Seeking: Polish Election Expert

 

250px-Krakau_MarktSo, a lovely Polish guy works as a housekeeper in a building near mine. We make small talk whenever we run into each other. He’s busting his hump to support his family, enterprising, always cheerful, exactly the kind of immigrant the French fear because he’s willing to work for non-union wages. We bonded immediately over our shared views of communism and Putin. (“What is wrong with you guys? He’s KGB!”)

I ran into him today, and as usual we chatted a bit about the recent perturbation on the Métro — construction work, apparently — and his family, and about how amazing it is that everyone in France goes on vacation for the entire month of August. Then as usual we lamented the state of the world, and as usual griped about Putin. I asked him how people in Poland were feeling about things. He shook his head. There’s a problem in Poland, he said. The elections are coming up, and he doesn’t at all like the looks of the opposition party, which he suspects will win. The incumbant party isn’t perfect, he said, but at least they understand you can’t just make money out of nothing.

Now, usually I can fake my way through any casual conversation about politics, but fact is — I was stumped. I’ve been paying no attention to what’s happening in Poland. None. I have no idea who the main parties or political figures are.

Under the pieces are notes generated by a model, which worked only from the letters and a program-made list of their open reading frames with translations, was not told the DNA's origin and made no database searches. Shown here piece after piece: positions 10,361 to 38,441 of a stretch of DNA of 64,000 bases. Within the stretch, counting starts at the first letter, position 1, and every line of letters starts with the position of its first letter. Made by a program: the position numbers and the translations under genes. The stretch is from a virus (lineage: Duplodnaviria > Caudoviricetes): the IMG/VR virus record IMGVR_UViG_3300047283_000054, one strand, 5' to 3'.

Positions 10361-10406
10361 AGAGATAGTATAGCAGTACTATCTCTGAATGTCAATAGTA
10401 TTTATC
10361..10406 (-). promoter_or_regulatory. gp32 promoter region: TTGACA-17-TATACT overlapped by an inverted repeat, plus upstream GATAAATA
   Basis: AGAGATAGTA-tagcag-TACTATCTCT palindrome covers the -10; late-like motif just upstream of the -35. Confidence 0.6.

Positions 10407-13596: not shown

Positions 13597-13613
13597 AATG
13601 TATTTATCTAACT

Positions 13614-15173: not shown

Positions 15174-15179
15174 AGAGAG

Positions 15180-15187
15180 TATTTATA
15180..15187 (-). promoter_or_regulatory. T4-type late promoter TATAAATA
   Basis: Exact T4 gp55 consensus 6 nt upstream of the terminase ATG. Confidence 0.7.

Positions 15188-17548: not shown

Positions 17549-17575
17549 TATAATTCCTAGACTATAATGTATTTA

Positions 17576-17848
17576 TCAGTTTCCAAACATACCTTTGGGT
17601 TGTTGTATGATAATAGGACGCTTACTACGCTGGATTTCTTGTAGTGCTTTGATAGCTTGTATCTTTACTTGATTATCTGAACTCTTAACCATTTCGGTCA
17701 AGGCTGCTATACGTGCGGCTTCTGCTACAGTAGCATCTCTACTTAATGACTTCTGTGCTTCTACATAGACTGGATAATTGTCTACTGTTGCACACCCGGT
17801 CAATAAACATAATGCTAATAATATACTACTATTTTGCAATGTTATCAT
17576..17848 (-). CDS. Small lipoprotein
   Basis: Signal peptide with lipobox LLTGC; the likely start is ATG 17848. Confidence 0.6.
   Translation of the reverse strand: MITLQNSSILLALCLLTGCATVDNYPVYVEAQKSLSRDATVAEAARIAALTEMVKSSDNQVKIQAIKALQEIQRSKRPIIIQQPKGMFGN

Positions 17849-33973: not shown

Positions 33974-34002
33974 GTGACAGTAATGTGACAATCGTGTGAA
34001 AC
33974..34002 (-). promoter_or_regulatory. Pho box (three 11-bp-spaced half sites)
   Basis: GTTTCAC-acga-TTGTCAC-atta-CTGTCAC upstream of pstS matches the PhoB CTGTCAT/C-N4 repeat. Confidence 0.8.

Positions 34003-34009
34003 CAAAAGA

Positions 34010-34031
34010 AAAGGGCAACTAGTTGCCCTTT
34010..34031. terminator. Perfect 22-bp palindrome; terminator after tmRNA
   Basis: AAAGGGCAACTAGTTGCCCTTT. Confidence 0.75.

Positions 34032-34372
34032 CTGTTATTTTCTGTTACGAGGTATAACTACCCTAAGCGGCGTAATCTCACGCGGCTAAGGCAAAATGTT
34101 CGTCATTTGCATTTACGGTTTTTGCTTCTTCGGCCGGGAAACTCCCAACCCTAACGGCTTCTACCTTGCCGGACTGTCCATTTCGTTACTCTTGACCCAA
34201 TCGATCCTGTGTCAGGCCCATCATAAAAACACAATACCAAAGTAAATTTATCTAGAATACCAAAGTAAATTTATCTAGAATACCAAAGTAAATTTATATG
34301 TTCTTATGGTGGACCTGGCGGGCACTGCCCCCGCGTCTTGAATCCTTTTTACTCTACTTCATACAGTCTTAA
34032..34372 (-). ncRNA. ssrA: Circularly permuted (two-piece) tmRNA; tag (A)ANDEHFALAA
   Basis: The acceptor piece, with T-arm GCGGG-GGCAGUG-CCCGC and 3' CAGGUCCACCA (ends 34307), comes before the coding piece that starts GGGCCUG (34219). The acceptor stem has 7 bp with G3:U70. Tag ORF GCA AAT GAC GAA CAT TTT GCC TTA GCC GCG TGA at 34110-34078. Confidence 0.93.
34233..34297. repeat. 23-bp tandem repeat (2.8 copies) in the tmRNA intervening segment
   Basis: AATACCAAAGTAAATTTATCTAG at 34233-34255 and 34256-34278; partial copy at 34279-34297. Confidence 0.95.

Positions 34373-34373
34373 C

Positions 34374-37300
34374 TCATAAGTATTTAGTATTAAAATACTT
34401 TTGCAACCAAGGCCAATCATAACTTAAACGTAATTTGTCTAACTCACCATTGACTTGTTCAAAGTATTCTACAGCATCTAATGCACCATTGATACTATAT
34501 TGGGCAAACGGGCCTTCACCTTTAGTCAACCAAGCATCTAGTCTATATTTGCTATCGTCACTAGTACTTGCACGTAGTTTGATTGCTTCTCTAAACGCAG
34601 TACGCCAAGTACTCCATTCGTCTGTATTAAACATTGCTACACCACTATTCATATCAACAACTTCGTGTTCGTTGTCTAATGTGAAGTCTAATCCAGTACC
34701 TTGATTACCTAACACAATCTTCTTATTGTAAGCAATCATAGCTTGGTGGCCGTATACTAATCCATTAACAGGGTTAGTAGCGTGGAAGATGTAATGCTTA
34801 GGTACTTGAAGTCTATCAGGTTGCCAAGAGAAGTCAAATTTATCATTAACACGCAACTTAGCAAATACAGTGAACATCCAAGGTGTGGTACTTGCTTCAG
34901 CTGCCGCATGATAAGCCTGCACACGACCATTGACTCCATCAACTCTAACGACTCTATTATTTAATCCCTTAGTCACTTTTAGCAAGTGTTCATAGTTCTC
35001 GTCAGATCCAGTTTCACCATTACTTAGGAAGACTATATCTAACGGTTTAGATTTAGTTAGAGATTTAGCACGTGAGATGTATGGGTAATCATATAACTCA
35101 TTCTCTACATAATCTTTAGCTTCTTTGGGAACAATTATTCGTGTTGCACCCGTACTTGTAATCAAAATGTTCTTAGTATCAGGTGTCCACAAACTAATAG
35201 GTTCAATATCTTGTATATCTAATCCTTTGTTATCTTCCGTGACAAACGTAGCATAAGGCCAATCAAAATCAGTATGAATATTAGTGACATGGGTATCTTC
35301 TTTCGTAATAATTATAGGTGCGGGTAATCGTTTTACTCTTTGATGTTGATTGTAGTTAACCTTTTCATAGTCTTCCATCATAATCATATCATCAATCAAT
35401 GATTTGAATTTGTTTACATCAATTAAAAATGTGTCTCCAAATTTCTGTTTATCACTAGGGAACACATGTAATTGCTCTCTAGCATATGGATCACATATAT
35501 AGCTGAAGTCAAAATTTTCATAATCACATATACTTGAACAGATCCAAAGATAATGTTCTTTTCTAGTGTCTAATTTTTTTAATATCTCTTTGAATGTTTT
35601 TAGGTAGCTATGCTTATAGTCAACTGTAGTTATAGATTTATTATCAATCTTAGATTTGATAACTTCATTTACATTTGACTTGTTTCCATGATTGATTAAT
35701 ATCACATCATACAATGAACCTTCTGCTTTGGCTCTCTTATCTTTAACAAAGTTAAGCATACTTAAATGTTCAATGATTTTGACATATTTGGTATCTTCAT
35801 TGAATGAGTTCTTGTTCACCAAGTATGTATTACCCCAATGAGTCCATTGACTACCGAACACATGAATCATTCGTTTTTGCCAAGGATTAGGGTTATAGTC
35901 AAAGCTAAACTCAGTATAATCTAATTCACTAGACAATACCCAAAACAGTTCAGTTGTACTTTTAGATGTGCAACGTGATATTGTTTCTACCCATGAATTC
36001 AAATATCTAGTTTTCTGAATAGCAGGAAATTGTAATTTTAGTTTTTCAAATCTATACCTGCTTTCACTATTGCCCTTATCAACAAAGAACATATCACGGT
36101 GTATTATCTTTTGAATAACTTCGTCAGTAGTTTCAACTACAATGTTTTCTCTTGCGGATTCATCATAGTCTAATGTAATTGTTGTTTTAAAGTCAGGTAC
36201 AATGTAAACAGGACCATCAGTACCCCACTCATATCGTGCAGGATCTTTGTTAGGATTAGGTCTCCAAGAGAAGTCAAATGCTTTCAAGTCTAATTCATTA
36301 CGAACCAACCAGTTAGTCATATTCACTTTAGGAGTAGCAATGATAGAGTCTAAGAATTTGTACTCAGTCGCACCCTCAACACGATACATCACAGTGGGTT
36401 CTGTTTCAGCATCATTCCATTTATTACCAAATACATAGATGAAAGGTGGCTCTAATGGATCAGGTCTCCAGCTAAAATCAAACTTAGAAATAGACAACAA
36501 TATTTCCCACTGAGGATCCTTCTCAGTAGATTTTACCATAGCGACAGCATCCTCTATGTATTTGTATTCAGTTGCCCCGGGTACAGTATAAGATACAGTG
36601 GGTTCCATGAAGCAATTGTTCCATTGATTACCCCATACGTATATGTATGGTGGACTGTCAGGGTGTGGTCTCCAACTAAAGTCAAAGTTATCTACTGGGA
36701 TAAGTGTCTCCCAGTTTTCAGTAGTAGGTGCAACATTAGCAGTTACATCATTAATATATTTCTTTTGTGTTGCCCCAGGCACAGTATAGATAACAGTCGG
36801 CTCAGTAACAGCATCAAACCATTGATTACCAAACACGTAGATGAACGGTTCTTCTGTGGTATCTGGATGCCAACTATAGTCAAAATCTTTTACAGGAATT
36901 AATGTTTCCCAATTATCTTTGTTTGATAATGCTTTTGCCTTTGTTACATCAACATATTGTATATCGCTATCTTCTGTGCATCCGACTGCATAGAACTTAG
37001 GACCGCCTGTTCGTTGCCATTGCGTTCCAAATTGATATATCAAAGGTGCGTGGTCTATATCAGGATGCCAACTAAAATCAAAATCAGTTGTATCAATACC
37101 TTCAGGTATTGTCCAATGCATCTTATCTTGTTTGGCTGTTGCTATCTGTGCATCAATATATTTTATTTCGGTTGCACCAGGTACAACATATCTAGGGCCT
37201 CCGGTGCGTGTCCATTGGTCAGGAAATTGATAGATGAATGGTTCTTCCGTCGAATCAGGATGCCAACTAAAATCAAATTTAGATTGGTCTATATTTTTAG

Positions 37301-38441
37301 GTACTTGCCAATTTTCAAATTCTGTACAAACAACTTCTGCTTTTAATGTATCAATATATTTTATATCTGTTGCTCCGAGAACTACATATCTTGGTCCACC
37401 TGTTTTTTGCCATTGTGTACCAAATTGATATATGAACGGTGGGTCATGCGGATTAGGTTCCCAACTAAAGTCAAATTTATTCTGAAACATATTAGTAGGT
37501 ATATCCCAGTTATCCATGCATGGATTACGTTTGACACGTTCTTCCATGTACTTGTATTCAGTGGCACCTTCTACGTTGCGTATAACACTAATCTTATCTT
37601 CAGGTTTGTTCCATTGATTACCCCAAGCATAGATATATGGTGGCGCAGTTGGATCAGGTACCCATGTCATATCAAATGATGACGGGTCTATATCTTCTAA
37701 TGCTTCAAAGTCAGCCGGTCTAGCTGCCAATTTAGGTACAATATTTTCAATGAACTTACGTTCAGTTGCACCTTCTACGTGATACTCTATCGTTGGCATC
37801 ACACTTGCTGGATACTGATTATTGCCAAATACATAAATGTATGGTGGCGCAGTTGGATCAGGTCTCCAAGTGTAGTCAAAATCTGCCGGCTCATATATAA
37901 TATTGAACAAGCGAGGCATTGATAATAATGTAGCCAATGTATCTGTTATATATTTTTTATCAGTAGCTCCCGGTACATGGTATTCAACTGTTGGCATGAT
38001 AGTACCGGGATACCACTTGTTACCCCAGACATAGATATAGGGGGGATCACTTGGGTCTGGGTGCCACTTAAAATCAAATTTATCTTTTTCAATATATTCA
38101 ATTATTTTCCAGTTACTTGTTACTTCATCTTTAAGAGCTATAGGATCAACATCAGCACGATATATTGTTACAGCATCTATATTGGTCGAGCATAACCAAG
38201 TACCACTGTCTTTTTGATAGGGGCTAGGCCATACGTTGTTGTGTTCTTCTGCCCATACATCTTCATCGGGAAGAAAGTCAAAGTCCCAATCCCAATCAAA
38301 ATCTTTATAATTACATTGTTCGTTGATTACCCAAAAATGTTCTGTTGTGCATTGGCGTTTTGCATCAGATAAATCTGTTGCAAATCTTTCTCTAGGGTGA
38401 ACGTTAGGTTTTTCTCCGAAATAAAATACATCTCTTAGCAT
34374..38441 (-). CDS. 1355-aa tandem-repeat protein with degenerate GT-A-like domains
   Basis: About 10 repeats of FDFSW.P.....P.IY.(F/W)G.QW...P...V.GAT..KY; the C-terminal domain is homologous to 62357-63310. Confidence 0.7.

As soon as I got home, I rushed to Google it. (Why, I don’t know: It’s not as if I trust any news outlet to report accurately on any country I’ve ever set eyes on, but my Murray Gell-Mann amnesia’s as strong as ever.) At least I’m not apt to be misled by bad reporting: I could find almost no reporting on the subject. The only thing I found that gave me a hint at what he was getting at was this:

… Poland is the European Union member state with the highest number of workers on some form of a temporary contract, 28 percent. It is creating a precarious existence for many Poles and deepening divisions between the haves and have-nots in a post-communist country that is otherwise witnessing impressive economic growth.

The “junk contracts” were originally intended to give flexibility to artists or other professionals working for multiple employers. They lack many of the guarantees of regular employment contracts in Poland, like paid vacation, employer contributions into the national health and pension funds, and protection from being fired at short notice. …

The presidency is largely symbolic. But a more important parliamentary election comes in October, and polls suggest that the pro-market Civic Platform, which has ruled for eight years, faces another stinging defeat. Law and Justice has surged ahead with vows to help the poor with more state intervention in the economy.